Lord's Day Liturgy

Sinful Exhortations

One of the hazards of exhorting a church-full of believers to confess their sin every week is that I usually don’t give an exhortation about every possible sin and I know that not everyone has committed the particular sin receiving attention. If the net is too loose, nothing is caught, and if the net is too tight, it might just be dragging up junk.

I’ve been especially mindful about this recently because calling other people sinners, or at least calling them evil, is popular. There are numerous assumptions slung out in our society that others are wicked, and numerous calls for others to confess their wrongs, and those calls are manipulative lies. The exhortations themselves are sin.

Here’s one example, followed by an admonition to the flock.

You can’t open up the Kindle app these days without seeing ads for books related to racism and Black Lives Matter. One of the books I’ve seen promoted the most is called White Fragility; it’s good business and a lot of businesses are apparently using it for employee training. Here’s one review of the book by Samuel Sey, White Fragility Is Pro-Racism, with a variety of quotes from the book, and wow. The author says that you do not need to have hatred in your heart to be a racist, in fact, failure to think about how racist you are is itself damning evidence. You must be anti racist, meaning that you must acknowledge your indifference to how oppressive you are, by definition.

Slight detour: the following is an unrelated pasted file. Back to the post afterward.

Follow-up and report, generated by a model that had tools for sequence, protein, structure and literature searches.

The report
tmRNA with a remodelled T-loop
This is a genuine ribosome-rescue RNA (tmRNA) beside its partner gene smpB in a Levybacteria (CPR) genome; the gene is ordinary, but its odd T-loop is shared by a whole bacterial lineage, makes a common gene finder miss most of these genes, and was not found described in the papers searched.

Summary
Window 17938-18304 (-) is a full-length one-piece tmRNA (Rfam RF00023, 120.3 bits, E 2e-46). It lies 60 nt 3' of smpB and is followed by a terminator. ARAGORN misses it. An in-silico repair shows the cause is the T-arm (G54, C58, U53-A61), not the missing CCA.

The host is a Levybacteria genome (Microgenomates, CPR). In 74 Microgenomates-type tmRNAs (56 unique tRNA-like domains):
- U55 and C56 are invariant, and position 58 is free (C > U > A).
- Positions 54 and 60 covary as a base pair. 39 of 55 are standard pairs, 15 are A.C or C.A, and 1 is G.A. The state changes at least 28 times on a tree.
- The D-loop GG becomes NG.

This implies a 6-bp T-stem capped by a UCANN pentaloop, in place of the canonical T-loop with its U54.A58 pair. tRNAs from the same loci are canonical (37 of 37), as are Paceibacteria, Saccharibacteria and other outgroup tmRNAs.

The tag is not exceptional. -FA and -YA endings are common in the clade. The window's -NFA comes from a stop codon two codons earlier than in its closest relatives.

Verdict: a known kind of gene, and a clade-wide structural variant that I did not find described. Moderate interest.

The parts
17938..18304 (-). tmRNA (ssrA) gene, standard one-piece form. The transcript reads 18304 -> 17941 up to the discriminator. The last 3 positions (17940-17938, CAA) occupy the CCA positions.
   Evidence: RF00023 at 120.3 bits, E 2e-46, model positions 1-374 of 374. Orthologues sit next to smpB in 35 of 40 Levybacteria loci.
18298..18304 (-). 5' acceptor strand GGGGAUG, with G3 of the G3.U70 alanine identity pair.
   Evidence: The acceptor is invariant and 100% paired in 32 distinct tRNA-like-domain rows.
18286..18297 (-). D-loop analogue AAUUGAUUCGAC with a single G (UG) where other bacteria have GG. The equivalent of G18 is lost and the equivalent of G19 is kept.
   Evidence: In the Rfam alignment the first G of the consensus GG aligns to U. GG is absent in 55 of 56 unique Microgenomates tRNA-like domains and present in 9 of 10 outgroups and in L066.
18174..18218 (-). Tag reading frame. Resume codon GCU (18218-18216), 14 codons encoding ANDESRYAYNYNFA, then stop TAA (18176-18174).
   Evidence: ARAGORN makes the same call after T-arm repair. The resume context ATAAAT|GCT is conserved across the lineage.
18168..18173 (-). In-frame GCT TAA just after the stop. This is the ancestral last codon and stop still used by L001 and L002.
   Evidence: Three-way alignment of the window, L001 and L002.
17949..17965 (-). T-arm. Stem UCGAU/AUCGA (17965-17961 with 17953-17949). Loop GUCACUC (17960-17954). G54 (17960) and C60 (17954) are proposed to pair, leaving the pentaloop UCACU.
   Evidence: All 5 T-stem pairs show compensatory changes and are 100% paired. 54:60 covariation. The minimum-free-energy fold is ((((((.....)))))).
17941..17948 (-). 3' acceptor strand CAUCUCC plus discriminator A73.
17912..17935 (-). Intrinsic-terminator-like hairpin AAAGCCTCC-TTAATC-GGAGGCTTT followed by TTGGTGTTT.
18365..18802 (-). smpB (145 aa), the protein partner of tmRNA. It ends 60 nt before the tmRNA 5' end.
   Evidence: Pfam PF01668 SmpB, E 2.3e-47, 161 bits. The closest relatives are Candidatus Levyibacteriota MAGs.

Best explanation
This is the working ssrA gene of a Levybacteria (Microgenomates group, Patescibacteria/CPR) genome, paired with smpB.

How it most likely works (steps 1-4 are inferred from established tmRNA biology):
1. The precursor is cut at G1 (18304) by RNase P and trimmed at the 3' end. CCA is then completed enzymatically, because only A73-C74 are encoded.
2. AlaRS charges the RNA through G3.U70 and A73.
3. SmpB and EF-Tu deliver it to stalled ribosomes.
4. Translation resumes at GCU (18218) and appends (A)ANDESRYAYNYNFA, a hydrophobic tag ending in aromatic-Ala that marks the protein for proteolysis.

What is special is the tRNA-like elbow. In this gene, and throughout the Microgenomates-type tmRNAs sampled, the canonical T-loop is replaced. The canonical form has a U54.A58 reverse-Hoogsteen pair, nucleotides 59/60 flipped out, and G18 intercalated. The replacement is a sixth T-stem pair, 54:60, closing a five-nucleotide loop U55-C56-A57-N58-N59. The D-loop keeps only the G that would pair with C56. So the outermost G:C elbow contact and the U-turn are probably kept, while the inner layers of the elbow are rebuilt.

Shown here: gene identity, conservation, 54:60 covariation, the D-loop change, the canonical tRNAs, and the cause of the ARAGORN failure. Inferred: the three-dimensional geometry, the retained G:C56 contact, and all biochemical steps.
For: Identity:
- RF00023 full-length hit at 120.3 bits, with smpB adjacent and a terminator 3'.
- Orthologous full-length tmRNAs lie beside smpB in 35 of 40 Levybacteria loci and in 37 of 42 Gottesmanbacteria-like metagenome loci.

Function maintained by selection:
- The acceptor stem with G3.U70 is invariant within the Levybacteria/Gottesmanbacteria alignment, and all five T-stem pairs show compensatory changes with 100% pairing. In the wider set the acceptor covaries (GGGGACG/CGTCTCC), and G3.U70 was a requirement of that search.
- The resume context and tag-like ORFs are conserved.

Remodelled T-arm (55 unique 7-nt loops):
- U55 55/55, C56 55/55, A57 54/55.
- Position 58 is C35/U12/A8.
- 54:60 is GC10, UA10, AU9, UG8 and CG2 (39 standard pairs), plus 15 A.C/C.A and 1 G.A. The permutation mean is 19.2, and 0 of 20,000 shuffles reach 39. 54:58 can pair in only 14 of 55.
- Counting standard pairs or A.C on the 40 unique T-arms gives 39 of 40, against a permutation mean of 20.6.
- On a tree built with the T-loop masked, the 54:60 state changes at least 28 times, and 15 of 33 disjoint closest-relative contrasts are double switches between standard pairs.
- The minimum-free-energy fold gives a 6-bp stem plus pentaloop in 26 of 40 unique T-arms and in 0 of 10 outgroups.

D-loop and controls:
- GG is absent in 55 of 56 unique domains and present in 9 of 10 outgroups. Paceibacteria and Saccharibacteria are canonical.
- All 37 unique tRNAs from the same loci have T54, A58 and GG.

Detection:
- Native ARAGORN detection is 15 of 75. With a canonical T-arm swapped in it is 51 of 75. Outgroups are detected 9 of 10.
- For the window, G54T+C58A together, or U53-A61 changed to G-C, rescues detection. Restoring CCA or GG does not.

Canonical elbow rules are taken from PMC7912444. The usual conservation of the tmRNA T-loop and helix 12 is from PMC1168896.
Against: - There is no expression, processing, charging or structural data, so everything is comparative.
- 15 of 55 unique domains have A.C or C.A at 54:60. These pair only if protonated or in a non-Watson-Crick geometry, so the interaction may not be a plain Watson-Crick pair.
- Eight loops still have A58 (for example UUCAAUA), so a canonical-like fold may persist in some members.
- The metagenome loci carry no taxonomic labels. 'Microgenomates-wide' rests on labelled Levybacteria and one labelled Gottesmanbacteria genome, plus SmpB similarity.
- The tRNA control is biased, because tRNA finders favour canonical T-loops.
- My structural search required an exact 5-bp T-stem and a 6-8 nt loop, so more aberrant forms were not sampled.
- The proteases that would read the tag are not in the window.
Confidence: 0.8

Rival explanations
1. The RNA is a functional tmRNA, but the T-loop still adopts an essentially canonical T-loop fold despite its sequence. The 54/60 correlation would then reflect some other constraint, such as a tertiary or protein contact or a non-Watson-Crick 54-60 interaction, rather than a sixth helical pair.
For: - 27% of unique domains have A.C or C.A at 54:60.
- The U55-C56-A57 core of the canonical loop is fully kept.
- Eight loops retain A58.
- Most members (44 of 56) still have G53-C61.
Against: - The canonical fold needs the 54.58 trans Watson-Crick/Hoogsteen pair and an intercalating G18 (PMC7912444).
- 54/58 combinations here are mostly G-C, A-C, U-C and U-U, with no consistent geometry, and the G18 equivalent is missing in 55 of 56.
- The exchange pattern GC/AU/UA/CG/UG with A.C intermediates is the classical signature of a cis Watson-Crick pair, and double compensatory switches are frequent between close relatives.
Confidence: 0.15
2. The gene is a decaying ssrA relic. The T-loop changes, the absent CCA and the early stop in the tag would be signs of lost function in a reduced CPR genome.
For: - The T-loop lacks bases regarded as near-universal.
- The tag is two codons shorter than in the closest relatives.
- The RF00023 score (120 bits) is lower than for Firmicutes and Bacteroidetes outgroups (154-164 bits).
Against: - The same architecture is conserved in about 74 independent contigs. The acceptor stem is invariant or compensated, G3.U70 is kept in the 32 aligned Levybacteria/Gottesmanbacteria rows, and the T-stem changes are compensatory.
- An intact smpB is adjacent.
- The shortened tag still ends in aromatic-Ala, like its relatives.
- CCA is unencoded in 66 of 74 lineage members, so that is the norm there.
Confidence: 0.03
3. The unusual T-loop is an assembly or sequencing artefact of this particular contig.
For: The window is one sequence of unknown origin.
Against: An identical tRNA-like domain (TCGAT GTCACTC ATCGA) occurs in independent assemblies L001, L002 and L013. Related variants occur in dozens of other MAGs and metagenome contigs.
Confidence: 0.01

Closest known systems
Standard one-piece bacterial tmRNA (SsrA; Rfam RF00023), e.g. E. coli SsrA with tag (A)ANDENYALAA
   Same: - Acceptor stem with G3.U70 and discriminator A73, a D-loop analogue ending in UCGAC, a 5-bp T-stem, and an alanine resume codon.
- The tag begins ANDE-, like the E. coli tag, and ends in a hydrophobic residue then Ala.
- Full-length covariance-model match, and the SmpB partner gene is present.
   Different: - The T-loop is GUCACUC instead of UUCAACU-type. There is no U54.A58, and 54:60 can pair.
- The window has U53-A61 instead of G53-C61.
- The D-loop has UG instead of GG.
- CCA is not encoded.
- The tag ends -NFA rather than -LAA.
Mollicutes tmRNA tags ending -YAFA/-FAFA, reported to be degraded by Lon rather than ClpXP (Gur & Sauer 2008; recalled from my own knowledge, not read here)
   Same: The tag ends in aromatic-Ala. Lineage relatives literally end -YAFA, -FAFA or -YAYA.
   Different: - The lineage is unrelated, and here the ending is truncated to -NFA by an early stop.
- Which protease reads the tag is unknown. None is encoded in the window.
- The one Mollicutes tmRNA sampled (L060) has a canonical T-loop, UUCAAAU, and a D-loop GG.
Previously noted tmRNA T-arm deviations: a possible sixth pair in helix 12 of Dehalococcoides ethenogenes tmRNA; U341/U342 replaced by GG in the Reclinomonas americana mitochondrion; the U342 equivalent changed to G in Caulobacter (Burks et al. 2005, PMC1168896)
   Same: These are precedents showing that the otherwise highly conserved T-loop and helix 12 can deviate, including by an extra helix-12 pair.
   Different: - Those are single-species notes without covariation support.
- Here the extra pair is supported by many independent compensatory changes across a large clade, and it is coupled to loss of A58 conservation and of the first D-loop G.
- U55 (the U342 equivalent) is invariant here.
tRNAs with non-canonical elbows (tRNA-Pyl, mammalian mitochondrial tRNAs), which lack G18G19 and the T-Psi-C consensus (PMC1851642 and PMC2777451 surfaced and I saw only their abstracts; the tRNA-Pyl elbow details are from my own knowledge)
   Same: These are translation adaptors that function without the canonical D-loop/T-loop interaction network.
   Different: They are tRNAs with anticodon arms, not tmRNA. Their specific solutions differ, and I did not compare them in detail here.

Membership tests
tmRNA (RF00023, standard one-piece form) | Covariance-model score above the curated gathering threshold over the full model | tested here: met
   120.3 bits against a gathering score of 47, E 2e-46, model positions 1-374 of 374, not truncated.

But remember that God defines sin, that while it is possible to sin without knowing it, it most certainly is not appropriate for me to call something sin that you don’t realize if God hasn’t said it.

So in the church, be careful calling other people liars when you don’t know if they are lying. Be careful calling other people cowards because they don’t stand at your spot on the wall. Be careful calling other people proud because they have chosen a time and place/person to fight. Be careful calling other people indifferent because they aren’t as cautious. There are choices, such as eating or not eating meat, that aren’t the kingdom (Romans 14:17). Paul both rebuked Peter for a crucial time when he didn’t eat (Galatians 2:11-14) and rebuked the whole Roman church for judging each other both ways (Romans 14:3).

There are no commands in the Bible about masks or political parties or locations for worship. There are many principles, and we want to be wise and bold and loving and do what is best, fully convinced in our own mind (Romans 14:5). But while you seek to be provocative, seek to do it in a way that does not falsely accuse your brothers.